YOU WILL GO HUNGRY
"1. You will probably fail.
2. You won't have time to eat food." - Yuji Haraguchi, Yuji Ramen (New York, NY)
YOU WILL BE HASSLED. BY EVERYONE.
"Don't open a restaurant unless you really know what you're doing, because every 'elite' Yelper will fill you in on exactly how to run your restaurant based on their expertise of once upon a time in high school they worked as a busser at Denny's for two months, and now they're reliving their glory days by Instagramming sh*tty waffle photos.
Don't open a restaurant unless you're totally into being harassed 24/7 by phone calls, texts, emails, unexpected drop ins, and the occasional pigeon carrier by people trying to sell you a whole bunch of stuff you don't want.
And don't open a restaurant if you have a bigger ego than your chef." - Scott Weiner, The Fifty/50 Restaurant Group (Homestead On The Roof, The Berkshire Room, Roots Handmade Pizza, West Town Bakery, The Fifty/50) (Chicago, IL)
YOU'RE WORKING AGAINST ALL ODDS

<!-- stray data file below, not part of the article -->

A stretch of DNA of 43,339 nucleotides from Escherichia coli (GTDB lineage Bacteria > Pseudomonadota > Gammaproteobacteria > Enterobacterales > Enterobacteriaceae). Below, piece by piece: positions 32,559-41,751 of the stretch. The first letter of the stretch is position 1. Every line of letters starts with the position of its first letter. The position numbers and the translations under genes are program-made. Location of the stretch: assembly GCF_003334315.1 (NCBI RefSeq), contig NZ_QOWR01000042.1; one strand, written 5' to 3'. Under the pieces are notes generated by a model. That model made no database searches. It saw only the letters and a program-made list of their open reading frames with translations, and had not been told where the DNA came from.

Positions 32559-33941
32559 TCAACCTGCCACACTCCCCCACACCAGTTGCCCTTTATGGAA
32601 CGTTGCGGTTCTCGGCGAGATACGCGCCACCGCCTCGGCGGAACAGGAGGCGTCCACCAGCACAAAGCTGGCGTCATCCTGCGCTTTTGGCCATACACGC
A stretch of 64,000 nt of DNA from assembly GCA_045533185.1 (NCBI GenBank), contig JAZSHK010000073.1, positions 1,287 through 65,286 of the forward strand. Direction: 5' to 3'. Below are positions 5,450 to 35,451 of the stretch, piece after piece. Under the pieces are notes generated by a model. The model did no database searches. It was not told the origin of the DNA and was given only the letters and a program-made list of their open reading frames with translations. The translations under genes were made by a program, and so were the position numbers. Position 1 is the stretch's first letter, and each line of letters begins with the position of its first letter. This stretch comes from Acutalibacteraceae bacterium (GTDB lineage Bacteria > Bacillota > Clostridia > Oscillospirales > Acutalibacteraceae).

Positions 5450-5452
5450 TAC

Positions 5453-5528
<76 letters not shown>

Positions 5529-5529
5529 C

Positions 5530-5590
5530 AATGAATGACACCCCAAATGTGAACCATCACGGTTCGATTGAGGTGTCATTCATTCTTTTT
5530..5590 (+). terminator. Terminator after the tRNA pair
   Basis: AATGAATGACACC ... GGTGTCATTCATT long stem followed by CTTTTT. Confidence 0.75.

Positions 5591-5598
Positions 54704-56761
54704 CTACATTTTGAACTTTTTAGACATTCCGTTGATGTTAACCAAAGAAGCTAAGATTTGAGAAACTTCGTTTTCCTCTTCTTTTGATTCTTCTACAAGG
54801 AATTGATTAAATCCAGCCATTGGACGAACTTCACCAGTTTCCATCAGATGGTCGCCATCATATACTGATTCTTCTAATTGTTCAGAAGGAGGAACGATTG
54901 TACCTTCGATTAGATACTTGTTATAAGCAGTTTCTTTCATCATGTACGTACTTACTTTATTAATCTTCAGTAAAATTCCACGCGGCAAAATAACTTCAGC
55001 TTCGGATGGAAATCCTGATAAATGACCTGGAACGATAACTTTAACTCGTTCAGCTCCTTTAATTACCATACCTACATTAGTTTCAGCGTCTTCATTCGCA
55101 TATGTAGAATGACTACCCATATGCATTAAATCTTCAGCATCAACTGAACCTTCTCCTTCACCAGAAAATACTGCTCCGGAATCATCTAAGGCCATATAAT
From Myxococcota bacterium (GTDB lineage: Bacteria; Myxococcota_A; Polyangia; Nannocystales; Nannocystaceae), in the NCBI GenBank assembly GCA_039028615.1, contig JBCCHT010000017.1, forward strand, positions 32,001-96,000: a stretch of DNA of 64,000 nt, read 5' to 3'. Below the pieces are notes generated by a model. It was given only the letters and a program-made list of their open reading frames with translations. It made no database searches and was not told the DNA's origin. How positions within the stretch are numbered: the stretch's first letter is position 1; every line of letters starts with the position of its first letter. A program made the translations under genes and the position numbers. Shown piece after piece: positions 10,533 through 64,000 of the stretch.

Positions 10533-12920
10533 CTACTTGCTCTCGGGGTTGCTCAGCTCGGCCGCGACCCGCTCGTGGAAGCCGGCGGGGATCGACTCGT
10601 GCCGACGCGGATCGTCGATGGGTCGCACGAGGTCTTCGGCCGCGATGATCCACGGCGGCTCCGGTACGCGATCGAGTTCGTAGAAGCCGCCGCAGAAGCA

"When someone asks for advice on opening a restaurant, my answer is always 'don't'. You must be totally passionate, fearless, and willing to lose all of your money. Otherwise, don't do it. Regulatory delays could eat up all of your money before you've even opened. How many restaurants of Eater NYC's Best Restaurants of 2010 are still open? Especially in NYC, there is ruinous competition.
Any s.o.b. with money can come in, rent the best location, hire the best chefs/GMs/architects, and not care if six months later the place shuts down. Better chefs than me have opened and failed miserably. Bankruptcy and divorce ye may face if you open a restaurant.
And just when you're feeling successful, you realize the only way to keep up the energy is to hire more people. If everything goes well, you'll have all the talent, energy, and success to open on time and make it through the first two years. Most chefs are not good business people and have a hard time dealing with financial decisions. Many restaurant owners, if they do make it to year three, should sell and get out while the takings are good. No guarantees it will ever get any better, and so many factors conspire against you -- natural disasters, a downturn in the economy, death in the family.
In July I'll be celebrating my 20th anniversary of owning my restaurants. I've opened five, closed four. Of those, only one lasted six years, and my current restaurant may make it to nine years." - Jimmy Carbone, Jimmy's No. 43 (New York, NY)